Site logo
Published on

LINQ extensions for pagination and ordering by property name in Entity Framework


Why another extension?

If you are building an API, at some stage, you will need a pagination endpoint to paginate through a list of entities. Pagination and ordering by property names can be implemented (with relative ease) using LINQ queries and a few lines of custom code. But, if you have to write the same piece of pagination and ordering logic for every controller with a pagination endpoint, it makes sense to extract the code into a reusable class. These 2 opinionated LINQ extensions will ensure that your pagination and ordering stays simple without any external dependencies (except for Entity Framework Core of course).


The pagination extension will receive 3 parameters:

  • skip (int) - The amount of items to skip when querying data. Usually skip = pageSize * (pageNumber - 1) - i.e. if your page size is 10 and you are fetching page number 2, skip will be 10.
  • take (int) - The maximum amount of items to query. The take value is your page size.
  • orderBy (string) - The orderBy value, if specified, is a comma-separated list of order-by clauses. Each order-by clause is a space-separated string value containing the property name to order by and asc (ascending) or desc (descending) to indicate the order direction. For example, if you specify orderBy = "name asc, age desc, height asc", the selected entities will be ordered by name in ascending order, then by age in descending order and then by height in ascending order.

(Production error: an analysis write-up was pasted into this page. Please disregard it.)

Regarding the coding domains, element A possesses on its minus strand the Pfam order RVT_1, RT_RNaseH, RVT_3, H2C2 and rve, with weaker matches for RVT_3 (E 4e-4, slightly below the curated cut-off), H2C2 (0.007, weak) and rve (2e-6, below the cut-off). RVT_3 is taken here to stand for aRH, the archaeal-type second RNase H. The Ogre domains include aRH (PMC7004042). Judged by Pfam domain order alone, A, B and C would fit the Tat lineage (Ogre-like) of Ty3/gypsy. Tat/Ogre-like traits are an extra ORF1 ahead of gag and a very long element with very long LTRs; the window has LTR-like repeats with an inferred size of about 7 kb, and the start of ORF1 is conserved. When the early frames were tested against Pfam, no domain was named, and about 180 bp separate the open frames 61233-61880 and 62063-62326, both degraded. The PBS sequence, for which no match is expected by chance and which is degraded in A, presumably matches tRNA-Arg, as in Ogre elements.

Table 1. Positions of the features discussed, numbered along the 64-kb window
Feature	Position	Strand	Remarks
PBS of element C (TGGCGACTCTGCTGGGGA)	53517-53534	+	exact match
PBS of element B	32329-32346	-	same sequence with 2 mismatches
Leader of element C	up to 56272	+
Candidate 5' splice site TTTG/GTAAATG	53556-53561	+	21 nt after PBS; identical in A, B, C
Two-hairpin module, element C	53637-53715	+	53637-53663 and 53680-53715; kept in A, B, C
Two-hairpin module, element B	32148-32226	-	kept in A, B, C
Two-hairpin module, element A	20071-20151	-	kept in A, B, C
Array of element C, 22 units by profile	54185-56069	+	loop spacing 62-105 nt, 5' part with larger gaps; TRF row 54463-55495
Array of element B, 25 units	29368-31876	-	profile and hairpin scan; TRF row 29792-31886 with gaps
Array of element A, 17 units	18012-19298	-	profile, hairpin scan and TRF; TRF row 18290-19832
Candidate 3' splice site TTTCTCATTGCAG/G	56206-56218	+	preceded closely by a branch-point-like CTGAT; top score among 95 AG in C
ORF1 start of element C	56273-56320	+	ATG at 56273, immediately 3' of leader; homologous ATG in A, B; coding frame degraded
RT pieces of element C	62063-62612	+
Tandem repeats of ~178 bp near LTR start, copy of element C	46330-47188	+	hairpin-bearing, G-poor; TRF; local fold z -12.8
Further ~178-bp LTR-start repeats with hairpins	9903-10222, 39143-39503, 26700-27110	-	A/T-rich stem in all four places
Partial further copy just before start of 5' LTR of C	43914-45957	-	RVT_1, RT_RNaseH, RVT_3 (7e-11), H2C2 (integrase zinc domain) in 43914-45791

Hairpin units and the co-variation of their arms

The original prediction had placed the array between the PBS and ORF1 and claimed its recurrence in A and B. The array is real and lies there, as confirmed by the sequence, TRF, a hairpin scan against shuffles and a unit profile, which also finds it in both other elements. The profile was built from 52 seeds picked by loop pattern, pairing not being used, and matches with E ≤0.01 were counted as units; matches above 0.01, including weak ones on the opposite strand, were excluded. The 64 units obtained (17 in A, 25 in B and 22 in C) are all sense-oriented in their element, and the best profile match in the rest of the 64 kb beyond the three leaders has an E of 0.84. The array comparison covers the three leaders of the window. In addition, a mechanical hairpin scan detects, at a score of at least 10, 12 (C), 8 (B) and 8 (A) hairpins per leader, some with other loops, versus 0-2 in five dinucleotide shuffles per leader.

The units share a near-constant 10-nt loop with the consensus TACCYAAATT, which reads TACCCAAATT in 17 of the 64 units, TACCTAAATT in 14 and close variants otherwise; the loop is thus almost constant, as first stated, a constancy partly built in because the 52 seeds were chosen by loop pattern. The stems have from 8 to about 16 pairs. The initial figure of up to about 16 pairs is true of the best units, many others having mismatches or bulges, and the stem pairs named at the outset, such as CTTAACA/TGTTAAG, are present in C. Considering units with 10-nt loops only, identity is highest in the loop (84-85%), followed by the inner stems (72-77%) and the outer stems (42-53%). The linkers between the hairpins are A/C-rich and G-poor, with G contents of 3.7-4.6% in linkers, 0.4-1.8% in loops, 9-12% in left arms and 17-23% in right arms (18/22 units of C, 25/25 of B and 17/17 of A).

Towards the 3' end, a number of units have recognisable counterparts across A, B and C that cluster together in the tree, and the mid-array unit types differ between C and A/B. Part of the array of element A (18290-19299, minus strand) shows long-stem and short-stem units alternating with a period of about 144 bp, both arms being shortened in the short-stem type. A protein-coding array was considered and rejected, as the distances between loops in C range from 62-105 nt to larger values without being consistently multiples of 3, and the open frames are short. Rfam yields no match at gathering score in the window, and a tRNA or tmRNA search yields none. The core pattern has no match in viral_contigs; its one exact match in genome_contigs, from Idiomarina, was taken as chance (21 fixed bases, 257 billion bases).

The pagination extension will return a Page<T> object with a list of items and the total item count.

public class Page<T> where T : class
    public IEnumerable<T> Items { get; set; }
    public int TotalItemCount { get; set; }

The extension method and helper methods look like this:

public static async Task<Page<T>> ToPagedAsync<T>(this IQueryable<T> src, int skip, int take, string orderBy = null) where T : class
    var queryExpression = src.Expression;
    queryExpression = queryExpression.OrderBy(orderBy);

    if (queryExpression.CanReduce)
        queryExpression = queryExpression.Reduce();

    src = src.Provider.CreateQuery<T>(queryExpression);

    var results = new Page<T>
        TotalItemCount = await src.CountAsync(),
        Items = await src.Skip(skip).Take(take).ToListAsync()

    return results;

private static Expression OrderBy(this Expression source, string orderBy)
    if (!string.IsNullOrWhiteSpace(orderBy))
        var orderBys = orderBy.Split(new[] { ',' }, StringSplitOptions.RemoveEmptyEntries);
        for (int i = 0; i < orderBys.Length; i++)
            source = AddOrderBy(source, orderBys[i], i);

    return source;

private static Expression AddOrderBy(Expression source, string orderBy, int index)
    var orderByParams = orderBy.Trim().Split(new[] { ' ' }, StringSplitOptions.RemoveEmptyEntries);
    string orderByMethodName = index == 0 ? "OrderBy" : "ThenBy";
    string parameterPath = orderByParams[0];
    if (orderByParams.Length > 1 && orderByParams[1].Equals("desc", StringComparison.OrdinalIgnoreCase))